Relapsing fever is an infection transmitted by a louse or tick. It is characterized by repeated episodes of fever.
Relapsing fever is an infection caused by several species of bacteria in the Borrelia family.
There are 2 major forms of relapsing fever:
- Tick-borne relapsing fever (TBRF) is transmitted by the Ornithodoros tick. It occurs in Africa, Spain, Saudi Arabia, Asia, and certain areas in the western United States and Canada. The bacteria species associated with TBRF are Borrelia duttoni, Borrelia hermsii, and Borrelia parkerii.
- Louse-borne relapsing fever (LBRF) is transmitted by body lice. It is most common in Asia, Africa, and Central and South America. The bacteria species associated with LBRF is Borrelia recurrentis.
Sudden fever occurs within 2 weeks of infection.
- In TRBF, multiple episodes of fever occur, and each may last up to 3 days. People may not have a fever for up to 2 weeks, and then it returns.
- In LBRF, the fever usually lasts 3 to 6 days. It is often followed by a single, milder episode of fever.
In both forms, the fever episode may end in "crisis." This consists of shaking chills, followed by intense sweating, falling body temperature, and low blood pressure. This stage may result in death.
In the United States, TBRF often occurs west of the Mississippi River, particularly in the mountains of the West and the high deserts and plains of the Southwest. In the mountains of California, Utah, Arizona, New Mexico, Colorado, Oregon, and Washington, infections are usually caused by Borrelia hermsii and are often picked up in cabins in forests. The risk may now extend into the southeastern United States.
LBRF is mainly a disease of the developing world. It is currently seen in Ethiopia and Sudan. Famine, war, and the movement of refugee groups often results in LBRF epidemics.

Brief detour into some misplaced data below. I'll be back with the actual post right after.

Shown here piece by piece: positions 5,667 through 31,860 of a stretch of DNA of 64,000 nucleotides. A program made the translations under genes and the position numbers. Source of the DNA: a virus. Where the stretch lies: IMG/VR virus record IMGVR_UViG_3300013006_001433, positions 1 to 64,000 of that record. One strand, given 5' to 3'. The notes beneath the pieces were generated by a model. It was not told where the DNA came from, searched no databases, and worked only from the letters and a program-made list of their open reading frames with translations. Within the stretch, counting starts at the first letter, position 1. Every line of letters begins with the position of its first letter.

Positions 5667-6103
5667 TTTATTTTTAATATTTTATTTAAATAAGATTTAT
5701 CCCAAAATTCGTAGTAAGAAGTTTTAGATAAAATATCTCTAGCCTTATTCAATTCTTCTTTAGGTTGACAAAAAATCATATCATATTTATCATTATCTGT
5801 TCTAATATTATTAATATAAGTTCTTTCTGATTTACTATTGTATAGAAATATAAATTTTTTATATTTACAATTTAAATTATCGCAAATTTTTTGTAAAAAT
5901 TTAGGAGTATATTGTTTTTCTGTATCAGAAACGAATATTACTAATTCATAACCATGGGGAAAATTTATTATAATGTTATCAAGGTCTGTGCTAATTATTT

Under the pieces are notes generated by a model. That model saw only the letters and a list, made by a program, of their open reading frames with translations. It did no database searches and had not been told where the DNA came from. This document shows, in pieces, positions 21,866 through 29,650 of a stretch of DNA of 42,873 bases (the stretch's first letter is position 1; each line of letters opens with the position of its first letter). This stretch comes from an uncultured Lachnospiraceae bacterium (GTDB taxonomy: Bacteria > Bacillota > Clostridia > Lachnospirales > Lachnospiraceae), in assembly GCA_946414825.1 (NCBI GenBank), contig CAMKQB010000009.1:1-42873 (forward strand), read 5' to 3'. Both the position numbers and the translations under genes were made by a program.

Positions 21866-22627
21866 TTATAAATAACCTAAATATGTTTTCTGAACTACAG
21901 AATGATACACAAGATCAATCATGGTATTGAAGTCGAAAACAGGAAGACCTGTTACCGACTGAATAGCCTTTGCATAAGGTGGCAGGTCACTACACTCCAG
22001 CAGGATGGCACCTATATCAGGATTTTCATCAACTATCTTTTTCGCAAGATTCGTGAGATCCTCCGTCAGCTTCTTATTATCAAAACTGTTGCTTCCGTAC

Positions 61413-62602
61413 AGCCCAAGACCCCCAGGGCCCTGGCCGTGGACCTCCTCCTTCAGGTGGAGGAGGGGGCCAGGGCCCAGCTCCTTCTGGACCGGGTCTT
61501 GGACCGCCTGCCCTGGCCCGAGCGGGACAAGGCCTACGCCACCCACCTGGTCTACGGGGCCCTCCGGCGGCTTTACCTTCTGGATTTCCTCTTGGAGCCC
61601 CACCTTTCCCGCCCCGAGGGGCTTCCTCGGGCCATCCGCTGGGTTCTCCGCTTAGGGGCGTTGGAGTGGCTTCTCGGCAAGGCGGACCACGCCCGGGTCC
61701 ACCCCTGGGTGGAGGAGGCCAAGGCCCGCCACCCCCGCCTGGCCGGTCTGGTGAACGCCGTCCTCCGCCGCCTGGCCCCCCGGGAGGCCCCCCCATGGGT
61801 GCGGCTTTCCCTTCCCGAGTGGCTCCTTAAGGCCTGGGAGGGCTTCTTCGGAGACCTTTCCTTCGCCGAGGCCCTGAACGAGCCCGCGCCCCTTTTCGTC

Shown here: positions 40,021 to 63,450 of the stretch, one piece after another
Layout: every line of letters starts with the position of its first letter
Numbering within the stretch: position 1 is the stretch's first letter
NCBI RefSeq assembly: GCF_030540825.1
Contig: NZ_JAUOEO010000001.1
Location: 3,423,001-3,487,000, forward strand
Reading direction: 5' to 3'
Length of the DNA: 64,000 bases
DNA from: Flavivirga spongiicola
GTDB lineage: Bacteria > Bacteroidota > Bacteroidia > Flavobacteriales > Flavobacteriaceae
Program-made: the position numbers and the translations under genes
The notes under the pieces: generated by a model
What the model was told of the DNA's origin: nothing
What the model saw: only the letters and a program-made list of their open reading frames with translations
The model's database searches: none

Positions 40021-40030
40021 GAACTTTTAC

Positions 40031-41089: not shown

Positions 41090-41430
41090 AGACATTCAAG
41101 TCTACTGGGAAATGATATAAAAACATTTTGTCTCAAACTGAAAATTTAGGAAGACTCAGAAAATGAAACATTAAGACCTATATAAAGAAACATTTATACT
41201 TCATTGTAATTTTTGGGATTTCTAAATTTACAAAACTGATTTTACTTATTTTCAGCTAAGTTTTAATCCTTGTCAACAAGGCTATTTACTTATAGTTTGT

Symptoms of relapsing fever include:
- Joint aches, muscle aches
- Nausea and vomiting
- Sagging on one side of the face (facial droop)
- Stiff neck
- Sudden high fever, shaking chills, seizure
- Weakness, unsteady while walking
Exams and Tests
Relapsing fever should be suspected if someone coming from a high-risk area has repeated episodes of fever. This is especially true if the fever is followed by a "crisis" stage, and if the person may have been exposed to lice or soft-bodied ticks.
Tests that may be done include:
- Blood smear to determine the cause of the infection
- Blood antibody tests (sometimes used, but their usefulness is limited)
Antibiotics are used to treat this condition.
The death rate for untreated LBRF ranges from 10 to 70%. With TBRF, it is 4 to 10%. With early treatment, the death rate is reduced. People with this condition who have developed a coma, heart inflammation, liver problems, or pneumonia are more likely to die.
These complications may occur:
- Drooping of the face
- Liver problems
- Inflammation of the thin tissue that surrounds the brain and spinal cord
- Inflammation of the heart muscle, which may lead to irregular heart rate
- Shock related to taking antibiotics (Jarisch-Herxheimer's reaction, in which the rapid death of very large numbers of Borreliabacteria causes shock)
- Widespread bleeding
When to Contact a Medical Professional
Contact your health care provider right away if you return from a trip and develop a fever. Possible infections need to be investigated in a timely manner.
Wearing clothing that fully covers the arms and legs when you are outdoors can help prevent TBRF infection. Insect repellent such as DEET on the skin and clothing also work. Tick and lice control in high-risk areas is another important public health measure.
Tick-borne relapsing fever; Louse-borne relapsing fever
Horton JM. Relapsing fever caused by Borrelia species. In: Mandell GL, Bennett JE, Dolan R, eds. Mandell, Douglas, and Bennett's Principles and Practice of Infectious Diseases. 8th ed. Philadelphia, PA: Elsevier Saunders; 2014:chap 242
Petri WA. Relapsing fever and other Borrelia infections. In: Goldman L, Schafer AI, eds. Goldman's Cecil Medicine. 24th ed. Philadelphia, PA: Elsevier Saunders; 2011: chap 330.
Update Date 12/7/2014
Updated by: Jatin M. Vyas, MD, PhD, Associate Professor in Medicine, Harvard Medical School; Assistant in Medicine, Division of Infectious Disease, Department of Medicine, Massachusetts General Hospital, Boston, MA. Also reviewed by David Zieve, MD, MHA, Isla Ogilvie, PhD, and the A.D.A.M. Editorial team.